For all these reasons, RPA – and automation in business processes in general – is no “tech flavour of the week”. Rather, it’s part of a long-term technological revolution that’s likely to endure for years, if not for decades. Gartner agrees with this prediction, forecasting that the RPA market will grow at double-digit rates through 2024, and that 90% of large organisations globally will adopt RPA by 2022.
Common RPA mistakes to avoid
Now that we have established that automation in business processes, especially RPA, is valuable and not just a flash in the pan, it’s time to look behind the curtain, and address another critical question:
How can organisations get the most value from their RPA investment?
What are the common RPA mistakes they must avoid?
Mistake #1: Not understanding what to automate (and what not to)
Too many organisations invest in automation tools and technologies without doing proper research, not only into what’s possible, but also into what’s not.
It’s best to automate repetitive tasks that have the greatest potential to save time and human effort. But not taking into account all of the key criteria that make a process a good candidate for automation will likely result in failure.
Mistake #2: Not focusing on people
One of the main goals of RPA is to reduce dependence on repetitive human inputs. However, many RPA projects don’t realise their full potential because they don’t account for the human factor properly.
Ensuring that the right change management processes are carefully thought through and planned, in alignment with point 3 (below), is key to ensuring successful outcomes.
Mistake #3: Not having a clear vision for automation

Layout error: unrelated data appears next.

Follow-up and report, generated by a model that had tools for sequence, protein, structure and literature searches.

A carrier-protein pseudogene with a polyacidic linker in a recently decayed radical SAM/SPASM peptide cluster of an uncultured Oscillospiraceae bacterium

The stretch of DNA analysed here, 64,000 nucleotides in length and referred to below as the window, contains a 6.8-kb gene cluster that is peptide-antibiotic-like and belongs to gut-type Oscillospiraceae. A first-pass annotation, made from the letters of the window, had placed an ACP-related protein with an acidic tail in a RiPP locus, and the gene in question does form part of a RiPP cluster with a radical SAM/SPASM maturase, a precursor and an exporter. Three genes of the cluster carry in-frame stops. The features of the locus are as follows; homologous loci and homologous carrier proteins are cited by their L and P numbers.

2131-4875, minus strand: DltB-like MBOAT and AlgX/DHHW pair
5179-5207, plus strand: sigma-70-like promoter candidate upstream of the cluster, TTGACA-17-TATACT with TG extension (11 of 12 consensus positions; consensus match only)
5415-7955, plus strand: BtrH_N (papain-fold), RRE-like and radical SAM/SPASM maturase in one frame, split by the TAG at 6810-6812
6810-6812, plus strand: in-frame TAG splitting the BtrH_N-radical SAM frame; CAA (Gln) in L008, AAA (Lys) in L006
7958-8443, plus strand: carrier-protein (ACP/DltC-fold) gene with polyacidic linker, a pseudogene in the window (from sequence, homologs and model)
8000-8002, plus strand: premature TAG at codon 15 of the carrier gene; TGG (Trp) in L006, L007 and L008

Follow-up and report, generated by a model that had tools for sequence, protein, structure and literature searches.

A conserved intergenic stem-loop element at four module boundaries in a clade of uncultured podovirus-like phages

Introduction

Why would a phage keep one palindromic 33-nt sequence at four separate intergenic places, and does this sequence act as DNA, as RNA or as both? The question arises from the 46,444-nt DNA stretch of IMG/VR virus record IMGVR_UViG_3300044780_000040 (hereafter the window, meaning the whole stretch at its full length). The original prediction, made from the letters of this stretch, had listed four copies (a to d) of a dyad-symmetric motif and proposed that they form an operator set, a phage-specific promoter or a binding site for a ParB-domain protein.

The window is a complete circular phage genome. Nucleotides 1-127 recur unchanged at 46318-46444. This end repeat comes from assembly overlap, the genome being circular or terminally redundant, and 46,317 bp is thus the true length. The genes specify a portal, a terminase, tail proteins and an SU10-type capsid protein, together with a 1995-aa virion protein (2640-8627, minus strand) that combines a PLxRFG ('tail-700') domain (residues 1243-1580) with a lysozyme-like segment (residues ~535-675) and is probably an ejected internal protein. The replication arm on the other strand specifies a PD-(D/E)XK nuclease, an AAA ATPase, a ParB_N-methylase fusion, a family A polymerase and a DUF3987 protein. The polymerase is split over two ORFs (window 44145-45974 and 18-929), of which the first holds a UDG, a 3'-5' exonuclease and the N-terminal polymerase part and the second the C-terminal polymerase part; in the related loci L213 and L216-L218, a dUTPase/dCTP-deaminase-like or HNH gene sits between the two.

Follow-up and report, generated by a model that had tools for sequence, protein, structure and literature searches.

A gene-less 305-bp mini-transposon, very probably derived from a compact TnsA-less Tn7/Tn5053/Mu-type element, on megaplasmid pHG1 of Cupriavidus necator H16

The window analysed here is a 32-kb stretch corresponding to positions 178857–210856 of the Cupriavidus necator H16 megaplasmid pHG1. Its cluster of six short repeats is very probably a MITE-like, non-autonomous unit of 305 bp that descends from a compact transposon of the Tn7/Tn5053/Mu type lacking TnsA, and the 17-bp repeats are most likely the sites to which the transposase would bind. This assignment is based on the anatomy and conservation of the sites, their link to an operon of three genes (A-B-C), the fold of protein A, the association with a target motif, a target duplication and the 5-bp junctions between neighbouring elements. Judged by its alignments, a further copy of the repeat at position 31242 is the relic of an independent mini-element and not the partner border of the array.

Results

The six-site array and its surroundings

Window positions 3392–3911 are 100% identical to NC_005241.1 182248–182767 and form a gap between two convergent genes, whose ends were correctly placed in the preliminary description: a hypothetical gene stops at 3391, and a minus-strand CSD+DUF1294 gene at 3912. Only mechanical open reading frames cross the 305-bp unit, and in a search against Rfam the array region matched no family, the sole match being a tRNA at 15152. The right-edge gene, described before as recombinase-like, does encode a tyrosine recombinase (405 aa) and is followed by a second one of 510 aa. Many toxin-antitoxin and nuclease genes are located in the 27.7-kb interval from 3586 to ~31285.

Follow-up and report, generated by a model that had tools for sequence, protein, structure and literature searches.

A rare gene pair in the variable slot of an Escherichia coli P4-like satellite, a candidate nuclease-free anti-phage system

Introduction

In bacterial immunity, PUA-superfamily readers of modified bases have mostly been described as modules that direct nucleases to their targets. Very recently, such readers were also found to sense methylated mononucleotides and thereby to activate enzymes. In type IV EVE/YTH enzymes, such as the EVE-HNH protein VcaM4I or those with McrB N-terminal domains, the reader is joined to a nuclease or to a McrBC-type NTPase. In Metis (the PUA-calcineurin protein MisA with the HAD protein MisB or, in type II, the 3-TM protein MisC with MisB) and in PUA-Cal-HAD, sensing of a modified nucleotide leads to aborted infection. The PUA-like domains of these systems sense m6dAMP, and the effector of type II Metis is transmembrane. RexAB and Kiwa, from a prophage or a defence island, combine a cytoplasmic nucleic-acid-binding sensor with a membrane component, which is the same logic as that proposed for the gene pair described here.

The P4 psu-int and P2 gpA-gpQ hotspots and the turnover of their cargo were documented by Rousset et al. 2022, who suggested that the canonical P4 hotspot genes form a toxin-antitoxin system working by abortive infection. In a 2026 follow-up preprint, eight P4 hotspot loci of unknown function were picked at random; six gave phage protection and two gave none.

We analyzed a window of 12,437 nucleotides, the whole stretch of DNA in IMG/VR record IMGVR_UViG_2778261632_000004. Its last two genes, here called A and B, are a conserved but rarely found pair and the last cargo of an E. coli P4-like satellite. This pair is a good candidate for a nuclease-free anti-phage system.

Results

Too often, businesses don’t even know why they need automation in business processes, or how they can make it work for their specific needs or challenges. As a result, they dive into the effort without a proper plan or roadmap, and waste time and resources into solving the wrong problems.
Automation success requires a proper vision and SMART goals that align with the company’s overall strategic vision and business goals.
Mistake #4: Expecting automation to fix broken processes
Sometimes, organisations try to automate a process that’s already not working properly. Automation is not a silver bullet that can magically solve inherent process problems, so simply implementing an automation tool, or adding more resource to an inefficient problem will not make the problem go away. Rather, it will end up wasting money and increasing frustration. That’s why, before starting any automation project, it’s critical to be certain that the process is not broken, and that it’s actually suitable for automation.
Mistake #5: Lack of visibility and accountability
Automation in business processes does not automatically provide visibility into results. And when teams don’t know what’s really happening, they cannot judge whether they’re achieving their automation goals. Also, when it’s not clear who has accountability for achieving these goals, any problems will either get passed around, or remain unresolved for a long time.
This is why it’s vital to regularly temperature-test the automation effort and confirm that it’s working the way it’s supposed to. Early establishment of accountability and ownership of the process and its results is also crucial.
In an evolving economic landscape, organisations must find new ways to do old things in order to maintain a strong competitive position. Even better, they must find new ways to do old things better, faster and cheaper. And for this, automation in business processes is the right way to go. As we have already seen, the pace and scale of automation is rapidly increasing across organisations and industries all over the world.